Delivered by: Her Excellency Lana Nusseibeh, Ambassador and Permanent Representative
On behalf of the United Arab Emirates and Japan, I want to express our deep gratitude for today’s adoption.
I want to thank all Council Members for reinforcing, over the past year, our shared and enduring commitment to Afghanistan.
I’d like to also recognize Ambassador Feridun Sinirlioğlu and his team for their exemplary work on the independent assessment.
Finally, and most importantly, I want to pay tribute to Afghans – women and men, girls and boys, Pashtun, Tajik, Hazara and Uzbek, Sunni, Shia, Christian, Sikh, and Hindu, in all their remarkable ethnic and religious diversity, in the country and in the diaspora.
I would like to salute your irrepressible spirit, and your unyielding dedication to an Afghanistan at peace with itself, its people, its region, and the world.
And I want to assure you that we, too, are dedicated to that Afghanistan.
This time last year, the Taliban issued some of their harshest edicts to date.
They banned girls from education beyond the 6th grade, and they followed that soon with bans on women working for the UN and for international NGOs.
What was clear then, and is abundantly clear now, is that there is no coherent international strategy for Afghanistan.
Afghanistan, and its people, and to be crystal clear, that includes its women and girls, are isolated, left to fend for themselves as their tragedy is instrumentalized by outsiders for performative virtue-signaling and cynical self-interest.
Afghans struggle for basic needs like food, shelter, healthcare, education, and a decent living. A patchwork of well-meaning but unsustainable humanitarian assistance are all that stands in the face of total collapse.
Let today signal the beginning of the end for all of that. We have before us, perhaps the last, opportunity to change course on Afghanistan. It will require compromises from all.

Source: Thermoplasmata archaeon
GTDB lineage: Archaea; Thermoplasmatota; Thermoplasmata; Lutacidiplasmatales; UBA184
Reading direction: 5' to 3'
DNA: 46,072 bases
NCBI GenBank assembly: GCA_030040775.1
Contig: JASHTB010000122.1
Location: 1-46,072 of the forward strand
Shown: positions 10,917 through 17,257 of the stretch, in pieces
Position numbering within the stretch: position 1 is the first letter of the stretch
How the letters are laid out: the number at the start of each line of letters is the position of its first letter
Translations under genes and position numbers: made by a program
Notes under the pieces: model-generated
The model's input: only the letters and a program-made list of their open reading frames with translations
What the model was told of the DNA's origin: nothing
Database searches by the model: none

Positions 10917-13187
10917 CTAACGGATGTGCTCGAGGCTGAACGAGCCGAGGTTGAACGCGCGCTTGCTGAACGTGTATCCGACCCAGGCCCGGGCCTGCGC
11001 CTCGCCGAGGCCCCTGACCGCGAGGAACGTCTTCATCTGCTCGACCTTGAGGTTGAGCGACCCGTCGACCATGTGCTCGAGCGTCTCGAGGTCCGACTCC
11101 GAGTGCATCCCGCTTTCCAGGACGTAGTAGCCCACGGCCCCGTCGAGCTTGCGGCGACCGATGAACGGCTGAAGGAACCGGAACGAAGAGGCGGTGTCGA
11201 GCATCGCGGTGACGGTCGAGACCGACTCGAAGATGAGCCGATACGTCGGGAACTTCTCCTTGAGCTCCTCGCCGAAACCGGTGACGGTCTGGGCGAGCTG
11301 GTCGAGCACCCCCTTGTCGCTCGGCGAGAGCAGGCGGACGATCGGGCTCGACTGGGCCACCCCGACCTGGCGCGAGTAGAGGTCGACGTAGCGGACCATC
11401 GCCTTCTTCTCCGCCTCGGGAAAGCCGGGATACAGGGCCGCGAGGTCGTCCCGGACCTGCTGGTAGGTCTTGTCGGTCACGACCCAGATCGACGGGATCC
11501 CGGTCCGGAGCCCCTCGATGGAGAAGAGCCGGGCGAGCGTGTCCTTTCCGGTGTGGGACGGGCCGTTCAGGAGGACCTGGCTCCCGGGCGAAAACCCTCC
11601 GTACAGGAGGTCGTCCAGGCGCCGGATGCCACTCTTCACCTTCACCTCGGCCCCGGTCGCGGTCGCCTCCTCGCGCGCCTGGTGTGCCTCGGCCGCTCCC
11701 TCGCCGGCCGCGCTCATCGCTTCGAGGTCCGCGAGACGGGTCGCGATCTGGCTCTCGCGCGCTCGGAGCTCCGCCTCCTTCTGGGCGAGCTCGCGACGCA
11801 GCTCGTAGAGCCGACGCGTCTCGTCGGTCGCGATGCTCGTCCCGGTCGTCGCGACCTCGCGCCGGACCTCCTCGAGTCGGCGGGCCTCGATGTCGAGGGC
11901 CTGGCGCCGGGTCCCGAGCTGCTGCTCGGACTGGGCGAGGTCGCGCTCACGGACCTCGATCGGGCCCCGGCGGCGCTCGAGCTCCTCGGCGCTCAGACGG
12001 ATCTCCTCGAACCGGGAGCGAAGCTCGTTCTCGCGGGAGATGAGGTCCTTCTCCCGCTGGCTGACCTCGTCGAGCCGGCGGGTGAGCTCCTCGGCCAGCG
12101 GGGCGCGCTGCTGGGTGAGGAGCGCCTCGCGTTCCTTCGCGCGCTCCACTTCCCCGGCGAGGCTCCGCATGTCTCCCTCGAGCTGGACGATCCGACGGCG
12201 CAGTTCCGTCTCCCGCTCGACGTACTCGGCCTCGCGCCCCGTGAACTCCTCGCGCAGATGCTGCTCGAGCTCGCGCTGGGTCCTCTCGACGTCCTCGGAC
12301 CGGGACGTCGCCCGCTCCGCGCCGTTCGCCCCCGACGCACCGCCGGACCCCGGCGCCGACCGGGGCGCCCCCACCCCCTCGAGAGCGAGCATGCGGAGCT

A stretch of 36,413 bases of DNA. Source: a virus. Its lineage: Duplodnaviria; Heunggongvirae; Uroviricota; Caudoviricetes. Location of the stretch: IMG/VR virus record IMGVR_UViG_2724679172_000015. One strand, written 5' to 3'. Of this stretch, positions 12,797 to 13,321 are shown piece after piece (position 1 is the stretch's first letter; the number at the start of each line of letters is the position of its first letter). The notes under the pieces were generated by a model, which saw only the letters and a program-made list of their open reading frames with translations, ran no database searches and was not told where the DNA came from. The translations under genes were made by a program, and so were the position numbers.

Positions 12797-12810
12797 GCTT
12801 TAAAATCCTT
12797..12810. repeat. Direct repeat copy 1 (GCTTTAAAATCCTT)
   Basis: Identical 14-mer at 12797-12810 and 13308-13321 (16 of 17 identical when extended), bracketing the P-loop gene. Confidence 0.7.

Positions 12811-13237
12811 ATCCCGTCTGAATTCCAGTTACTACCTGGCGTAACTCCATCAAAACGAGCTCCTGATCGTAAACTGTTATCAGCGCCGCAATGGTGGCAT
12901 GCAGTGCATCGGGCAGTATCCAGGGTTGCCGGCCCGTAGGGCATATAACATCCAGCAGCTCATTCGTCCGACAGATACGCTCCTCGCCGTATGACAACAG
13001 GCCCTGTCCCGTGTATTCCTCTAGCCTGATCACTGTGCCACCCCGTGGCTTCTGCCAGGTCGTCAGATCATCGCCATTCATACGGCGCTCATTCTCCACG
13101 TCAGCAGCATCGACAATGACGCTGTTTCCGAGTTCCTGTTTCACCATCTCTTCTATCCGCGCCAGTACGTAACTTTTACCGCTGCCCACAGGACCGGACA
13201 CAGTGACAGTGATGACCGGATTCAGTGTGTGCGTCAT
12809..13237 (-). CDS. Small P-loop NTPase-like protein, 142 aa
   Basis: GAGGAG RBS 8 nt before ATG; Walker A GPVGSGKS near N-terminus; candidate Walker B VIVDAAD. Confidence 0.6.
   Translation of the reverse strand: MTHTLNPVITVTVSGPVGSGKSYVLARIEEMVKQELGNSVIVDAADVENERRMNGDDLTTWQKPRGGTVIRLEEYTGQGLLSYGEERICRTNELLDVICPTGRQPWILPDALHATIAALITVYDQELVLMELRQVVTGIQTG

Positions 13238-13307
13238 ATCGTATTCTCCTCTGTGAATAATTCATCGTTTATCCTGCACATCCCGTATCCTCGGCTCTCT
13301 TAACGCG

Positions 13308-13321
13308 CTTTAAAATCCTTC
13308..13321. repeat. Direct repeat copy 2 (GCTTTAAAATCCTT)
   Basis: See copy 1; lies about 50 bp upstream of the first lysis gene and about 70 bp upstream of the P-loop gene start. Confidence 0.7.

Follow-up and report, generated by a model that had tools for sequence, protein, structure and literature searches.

This resolution sets in motion a principled and pragmatic international approach to Afghanistan. That approach centers the interests of Afghans, while reflecting the need for regional and international buy-in.
The implementation of the recommendations outlined in the Special Coordinator’s report will, at the very least, bring coherence to an often ad hoc and reactive approach by the international community.
It starts a challenging but feasible path towards a prosperous, peaceful, secure, and stable Afghanistan – built by Afghans for Afghans.
This has been a productive year for the Security Council on Afghanistan. Amid increasing division and polarization, we have largely maintained unity on this file.
And I wish to continue inviting in-coming Council Members and current Council Members to strive for this progress. It is an important file worth that unity.
In our, admittedly, brief experience, we have found the purpose of this Council repeatedly validated by the potential and practice of diplomacy.
It has been an extraordinary honor and a privilege to serve with Japan as co-penholders on Afghanistan, and they have our full confidence and support as they continue leading on this file next year.